“Don’t spend a lot of time imagining the worst-case scenario. It rarely goes down as you imagine it will, and if by some fluke it does, you will have lived it twice.” Michael J Fox
I’m a worrier. Always have been. When I was a kid I worried about not making friends and how I’d sleep without my toy dog. When I was a teenager I worried about getting fat and failing exams. When I was in my twenties I worried about not being successful and never finding someone to love. In my thirties, amongst so many other things, I’ve worried about not being a good mother and not being kind or selfless enough.
And then, not so long ago, it occurred to me to reflect on the amount of time in my life I’d spent worrying about things that never ended up happening. And when the things I worried about actually did happen, whether any of my worrying had actually improved life.
I decided I’d wasted endless time planning for life events that almost never happened, and couldn’t help but wonder how much easier life would be if I’d lived without worrying all this time.
And, when my worrying did come true? That guy actually was cheating on me, or that friend was bitching about me, or I failed that exam? I never once felt any better for all the worrying I’d been doing.
At the end of this period of reflection, I had to ask myself a simple question
What the hell have I been wasting all this time doing?
By thinking and planning for all the bad things that might happen, I’d been trying to avoid the lessons of life that’ve been my greatest teachers in compassion, perseverance, self care, open mindedness and all the qualities I like most in myself.
When that guy cheated on me, I learnt resilience and that I needed to be a whole person, instead of seeking my other half. When that friend bitched about me, it was either a lesson in setting strong boundaries and challenging people to treat me well, or was a lucky discovery about someone who didn’t belong in my life. When I failed those exams, it was because I needed to learn to work for what I wanted instead of waiting for success to be handed to me, and it was sometimes because I was doing entirely the wrong subjects that failed to inspire me.
Life is many things, but predictable it aint. So firstly, worrying is arrogance in assuming I can control the future by thinking about it enough. And secondly, it’s a marked lack of trust in a universe that’s never steered me wrong.
I want to live a life with a mute button for my worry. And if you see me anywhere with a furrowed brow, I give you full permission to come on over and laugh at me in just this way…
These madeleines are a lovely part of a whole life — light, summery and pure cheer. I’ve added a hint of lavender to soften the lemon in the sponge and replaced sugar with honey in the curd for a richer tartness. They work beautifully together, sheer joy in a bite.
- 80g butter, very soft
- 100g caster (superfine) sugar
- 2 eggs
- zest from 2 lemons
- 3 tsp dried culinary lavender buds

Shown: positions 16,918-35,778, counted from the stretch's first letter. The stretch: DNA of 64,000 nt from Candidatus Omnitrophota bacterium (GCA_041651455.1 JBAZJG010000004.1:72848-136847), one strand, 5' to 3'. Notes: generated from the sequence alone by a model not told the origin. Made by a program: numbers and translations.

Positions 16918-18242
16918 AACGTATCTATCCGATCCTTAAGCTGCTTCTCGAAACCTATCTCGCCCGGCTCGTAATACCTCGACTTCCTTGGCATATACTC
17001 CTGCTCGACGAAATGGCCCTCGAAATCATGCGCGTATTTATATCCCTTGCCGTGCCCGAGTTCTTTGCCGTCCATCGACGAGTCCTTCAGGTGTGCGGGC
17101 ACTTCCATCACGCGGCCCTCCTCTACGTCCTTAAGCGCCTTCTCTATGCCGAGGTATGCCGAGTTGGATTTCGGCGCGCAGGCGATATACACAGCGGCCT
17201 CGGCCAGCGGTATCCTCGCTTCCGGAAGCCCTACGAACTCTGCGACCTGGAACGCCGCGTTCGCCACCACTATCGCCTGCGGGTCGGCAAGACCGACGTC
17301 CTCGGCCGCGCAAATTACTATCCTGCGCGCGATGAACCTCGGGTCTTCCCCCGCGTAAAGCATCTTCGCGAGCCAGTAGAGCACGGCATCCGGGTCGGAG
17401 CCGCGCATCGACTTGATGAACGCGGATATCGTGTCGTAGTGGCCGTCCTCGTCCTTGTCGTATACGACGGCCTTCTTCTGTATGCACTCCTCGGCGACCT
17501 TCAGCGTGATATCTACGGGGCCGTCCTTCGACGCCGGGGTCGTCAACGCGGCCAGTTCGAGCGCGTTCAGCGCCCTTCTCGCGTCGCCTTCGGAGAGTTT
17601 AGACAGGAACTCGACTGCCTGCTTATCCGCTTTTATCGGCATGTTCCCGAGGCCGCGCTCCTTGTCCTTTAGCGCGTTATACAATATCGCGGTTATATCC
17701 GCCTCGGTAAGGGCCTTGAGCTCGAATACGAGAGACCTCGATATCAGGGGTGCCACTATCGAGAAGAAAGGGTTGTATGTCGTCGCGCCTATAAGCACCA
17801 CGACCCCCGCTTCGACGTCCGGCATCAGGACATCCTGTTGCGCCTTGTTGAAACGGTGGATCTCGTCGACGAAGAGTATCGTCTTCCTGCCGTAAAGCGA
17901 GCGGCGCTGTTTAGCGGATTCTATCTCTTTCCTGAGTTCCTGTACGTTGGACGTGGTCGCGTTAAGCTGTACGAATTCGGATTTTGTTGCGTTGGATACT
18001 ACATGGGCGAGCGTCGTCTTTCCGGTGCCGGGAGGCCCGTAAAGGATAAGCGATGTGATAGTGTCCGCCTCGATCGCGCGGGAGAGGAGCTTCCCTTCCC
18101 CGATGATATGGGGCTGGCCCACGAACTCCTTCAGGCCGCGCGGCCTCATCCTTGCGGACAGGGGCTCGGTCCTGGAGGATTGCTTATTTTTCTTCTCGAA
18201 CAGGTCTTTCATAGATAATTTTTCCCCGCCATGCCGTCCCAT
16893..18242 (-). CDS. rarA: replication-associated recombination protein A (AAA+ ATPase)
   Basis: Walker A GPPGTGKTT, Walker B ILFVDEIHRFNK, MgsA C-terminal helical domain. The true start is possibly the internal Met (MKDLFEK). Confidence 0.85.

- a pinch of sea salt
- 100g plain (all purpose) flour
- ½ tsp baking powder
- Icing (powdered) sugar to dust
Cream the butter with a tablespoon of the sugar
Whisk the remaining sugar with the eggs, lemon zest, lavender and a pinch of salt in a separate bowl until light and fluffy
Gently fold in the flour and baking powder until just combined
Scoop out a third of the batter into the butter and whisk vigorously
Transfer into the remaining batter and fold very gently
Scrape the batter into a plastic piping bag and chill for at least 3 hours or up to 3 days
Preheat the oven to 220˚C / 430˚F
Butter and flour a madeleine pan
Snip a small (8mm) hole from the tip of the piping bag and pipe the batter three-quarters of the way up the prepared moulds
Reduce the oven temperature to 180˚C / 350˚F and bake for about 15 minutes, or until the edges are a deep golden brown and the domes are just beginning to brown
Remove from the oven and leave to cool for a few minutes in the pan before turning out onto a wire rack
While the madeleines are slightly warm to the touch, pour some honey lemon curd (I use a heaped teaspoon per madeleine) into a piping bag with a narrow piping nozzle, push the nozzle into the mound of each baked madeleine and squeeze about a teaspoon’s worth of the curd into each while slightly wiggling the nozzle to get into all the spongy crannies
Dust with icing sugar and serve immediately, while still beautifully warm
Honey Lemon Curd
- 3 eggs and 1 extra egg yolk
- Zest of 2 lemons
- Juice of 4 lemons
- 100g honey
- 70g unsalted butter
Put the lemon zest and juice, the honey and the butter, cut into cubes, into a heatproof bowl set over a pan of simmering water, making sure that the bottom of the basin doesn’t touch the water. Stir with a whisk from time to time until the butter has melted
Mix the eggs and egg yolk lightly in a separate bowl with a fork, then pour into the lemon mixture. Let the curd cook, whisking regularly, for about 10 minutes, until it is thick and custard-like. It should feel heavy on the whisk
Remove from the heat and stir occasionally as it cools. Pour into a 500ml jar
It will keep for a couple of weeks in the refrigerator